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Is Ethanol Fuel The Answer?


Jun 4, 2015
Photographers: Jason Gonderman
With the number of flex-fuel–capable vehicles increasing with each passing year and the number of fueling stations growing as well, it’s time we take a look at the most common alternative fuel. Ethanol is one of the fastest growing gasoline alternatives and is the same type of alcohol that is commonly found in distilled spirits. That’s right, the same ingredient that makes whiskey so good can also be used to fuel your truck. Using the same basic method as the legendary moonshiners of Appalachia, ethanol is produced by the distillation of fermented corn or sugarcane. After distillation, the ethanol goes through a process of dehydration, which removes any remaining water, thereby allowing it to be burned in an internal combustion engine.
Photo 2/7   |   Many performance vehicles, such as this supercharged ‘14 Range Rover Sport, actually produce more horsepower when running on E85. The higher octane rating allows the engine to use a more aggressive calibration resulting in more ponies to the ground. However, only a handful of flex fuel vehicles take advantage of this.
The fuel most commonly found at the pump is referred to as E85: a blend of 85 percent ethanol and 15 percent gasoline (though blends containing anywhere from 51 to 83 percent ethanol can be described as E85). An old wives’ tale that we have always loved is that ethanol needs to be blended into E85 as a way of preventing people from drinking it. The reality is that to fully take advantage of pure ethanol, an engine would need a much higher compression ratio than is common, so by mixing it with gasoline, normal engines can better utilize the fuel. A blend is also utilize to help mitigate the negative effects that straight ethanol can have on a standard vehicle fuel system and slow the process of water absorption.
Photo 3/7   |   This Flex Fuel badge signifies that the Ford Super Duty's 6.2L V-8 engine is designed to run on either 87 octane gasoline or E85.
Flex-fuel vehicles (FFV) are ones that are designed to run on any mixture of gasoline and ethanol, up to an 85 percent blend. There are a few major differences found between FFVs and non-FFVs. First is that FFVs lack any bare magnesium, aluminum, or rubber in the fuel system. Another difference is that FFVs have fuel pumps capable of safely operating with the electrically conductive ethanol (gasoline does not conduct electricity). Stainless steel fuel lines and plastic tanks are used instead of steel (though most of the auto industry has gone this way already). And fuel injection control systems must be able to inject approximately 34 percent more fuel to compensate for the difference in energy density. Some (particularly older) fuel systems contain rubber gaskets, seals, and hoses, which have poor ethanol resistance and tend to break down when exposed to the fuel. These vehicles can generally accept up to a 10-percent ethanol blend (E10), which has become an increasingly common blend of standard gasoline, without major issues.
Photo 4/7   |   Flex Fuel Powered Ford Super Duty
One of the biggest complaints often heard about the use of E85 is its poor fuel economy. While E85 does carry a higher octane rating than gasoline, typically 100-105 depending on blend, it contains about 30 percent less energy per unit as compared to gasoline. Simply, this means that people often cite a large drop in fuel economy when running on E85. To test this for ourselves, we lined up two FFVs: a ’15 Ford F-250 Super Duty powered by a 6.2L V-8 engine and a ’14 Range Rover Sport with the company’s supercharged 5.0L V-8 engine stuffed under the hood.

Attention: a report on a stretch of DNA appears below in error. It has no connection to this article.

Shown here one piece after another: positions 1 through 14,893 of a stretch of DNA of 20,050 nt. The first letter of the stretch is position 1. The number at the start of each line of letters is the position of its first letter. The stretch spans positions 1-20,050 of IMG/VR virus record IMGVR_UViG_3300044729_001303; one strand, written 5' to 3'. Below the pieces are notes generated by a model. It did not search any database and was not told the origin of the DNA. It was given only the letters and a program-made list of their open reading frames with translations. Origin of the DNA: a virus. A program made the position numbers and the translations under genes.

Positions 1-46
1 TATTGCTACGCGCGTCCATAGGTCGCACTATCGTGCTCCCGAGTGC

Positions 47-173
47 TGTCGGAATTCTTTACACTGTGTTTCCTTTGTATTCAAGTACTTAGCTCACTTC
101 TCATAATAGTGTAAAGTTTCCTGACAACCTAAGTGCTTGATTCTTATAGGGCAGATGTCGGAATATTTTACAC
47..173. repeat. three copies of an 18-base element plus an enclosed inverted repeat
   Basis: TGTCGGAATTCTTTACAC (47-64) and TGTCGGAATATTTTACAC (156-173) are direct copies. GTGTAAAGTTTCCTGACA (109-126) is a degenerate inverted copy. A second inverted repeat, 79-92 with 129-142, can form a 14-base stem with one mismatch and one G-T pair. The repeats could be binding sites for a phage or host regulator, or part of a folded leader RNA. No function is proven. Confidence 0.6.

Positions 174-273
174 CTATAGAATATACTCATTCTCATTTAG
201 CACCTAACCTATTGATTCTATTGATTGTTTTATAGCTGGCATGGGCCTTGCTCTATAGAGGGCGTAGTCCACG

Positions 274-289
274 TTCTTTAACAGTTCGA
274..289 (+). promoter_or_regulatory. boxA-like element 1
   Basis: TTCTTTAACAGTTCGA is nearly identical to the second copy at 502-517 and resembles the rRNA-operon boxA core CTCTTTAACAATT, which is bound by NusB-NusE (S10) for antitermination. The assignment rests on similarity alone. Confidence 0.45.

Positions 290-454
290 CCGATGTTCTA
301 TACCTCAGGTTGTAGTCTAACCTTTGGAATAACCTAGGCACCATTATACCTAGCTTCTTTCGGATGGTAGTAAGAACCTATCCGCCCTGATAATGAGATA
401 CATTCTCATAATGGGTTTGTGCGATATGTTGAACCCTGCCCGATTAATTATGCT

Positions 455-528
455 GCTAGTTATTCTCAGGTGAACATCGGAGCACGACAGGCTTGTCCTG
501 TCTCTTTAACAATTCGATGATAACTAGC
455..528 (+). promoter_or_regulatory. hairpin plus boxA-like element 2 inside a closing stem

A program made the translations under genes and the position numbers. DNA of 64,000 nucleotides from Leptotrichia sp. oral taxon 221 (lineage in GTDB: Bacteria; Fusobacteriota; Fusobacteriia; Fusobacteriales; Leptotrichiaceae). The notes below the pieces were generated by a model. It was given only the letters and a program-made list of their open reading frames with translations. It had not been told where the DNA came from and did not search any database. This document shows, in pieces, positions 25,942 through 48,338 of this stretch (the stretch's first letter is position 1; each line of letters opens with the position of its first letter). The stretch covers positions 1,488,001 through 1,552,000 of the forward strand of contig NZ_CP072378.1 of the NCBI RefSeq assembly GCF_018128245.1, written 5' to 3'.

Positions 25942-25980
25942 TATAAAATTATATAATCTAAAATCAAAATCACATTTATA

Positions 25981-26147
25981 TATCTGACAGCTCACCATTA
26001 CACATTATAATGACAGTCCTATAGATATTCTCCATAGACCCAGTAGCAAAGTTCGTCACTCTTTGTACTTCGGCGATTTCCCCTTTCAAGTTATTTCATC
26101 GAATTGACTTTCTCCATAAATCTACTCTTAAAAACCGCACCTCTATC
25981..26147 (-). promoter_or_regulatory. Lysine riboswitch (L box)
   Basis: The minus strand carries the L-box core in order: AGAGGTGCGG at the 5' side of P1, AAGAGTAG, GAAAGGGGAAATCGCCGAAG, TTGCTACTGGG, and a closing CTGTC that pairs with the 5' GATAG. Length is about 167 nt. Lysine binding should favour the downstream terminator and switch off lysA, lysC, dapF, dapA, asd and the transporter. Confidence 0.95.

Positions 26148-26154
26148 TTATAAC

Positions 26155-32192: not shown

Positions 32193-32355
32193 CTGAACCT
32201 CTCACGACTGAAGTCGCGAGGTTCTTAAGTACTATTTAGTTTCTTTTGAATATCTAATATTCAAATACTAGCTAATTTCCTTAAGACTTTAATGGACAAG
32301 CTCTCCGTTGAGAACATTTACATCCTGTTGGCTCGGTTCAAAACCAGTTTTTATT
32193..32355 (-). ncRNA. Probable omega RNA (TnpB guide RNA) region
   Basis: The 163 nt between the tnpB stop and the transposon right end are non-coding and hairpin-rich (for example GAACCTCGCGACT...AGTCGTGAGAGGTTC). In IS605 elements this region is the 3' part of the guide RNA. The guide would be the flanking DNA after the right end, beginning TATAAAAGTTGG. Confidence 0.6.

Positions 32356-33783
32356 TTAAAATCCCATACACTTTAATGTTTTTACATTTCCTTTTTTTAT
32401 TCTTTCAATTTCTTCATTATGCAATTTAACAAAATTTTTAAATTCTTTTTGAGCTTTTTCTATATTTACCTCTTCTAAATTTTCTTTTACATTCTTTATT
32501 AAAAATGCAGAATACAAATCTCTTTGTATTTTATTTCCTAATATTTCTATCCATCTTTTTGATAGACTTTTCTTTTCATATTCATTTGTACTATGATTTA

Photo 5/7   |   Nothing is visibly different under the hood, but rest assured that fuel lines and gaskets are rated to handle exposure to ethanol.
Our very unscientific test involved driving both vehicles on similar routes, first on gasoline and then on E85. With the F-250 running on gasoline we averaged 12.5 mpg. After making the switch to E85, it knocked down 11.7 mpg. This accounted for a seven percent drop in economy. In the Rover we netted a 14.1 mpg average on gasoline and 10.1 mpg on E85, a far more drastic 28 percent drop in fuel economy.
Photo 6/7   |   A yellow fuel cap is one way to tell that a vehicle is E85 capable. Using the ethanol blend in a vehicle not rated for its use can result in engine damage.
So what did we learn from this test? Yes, there is a drop in fuel economy anywhere from negligible to nearly 30 percent, and it all depends on the vehicle and your driving style. Could we have gotten better economy? Sure. Could we have done worse? You bet! The bottom line is, is ethanol worth it? The answer is no. From a straight cost perspective, driving the F-250 Super Duty on E85 provided no savings over regular unleaded gasoline. The Range Rover required more expensive premium fuel from the start, but with a much larger discrepancy in economy, it ended up costing six cents more per mile to drive on E85, which, over time, adds up to quite a bit of dough.
Right now in California we’re seeing about a 15 percent difference in price between E85 and regular unleaded (with E85 typically being less expensive), meaning for us to want to use it, we’d need a FFV with a fuel economy discrepancy closer to that of the Super Duty than the Range Rover. For our money, it’s still a better bet to drink the distilled corn than to burn it.
Photo 7/7   |   If the price is right, many fleets can benefit from the lower cost of E85 versus regular gasoline or even diesel. For this reason Ford offers the 6.2L gasoline-powered Super Duty as flex fuel capable.



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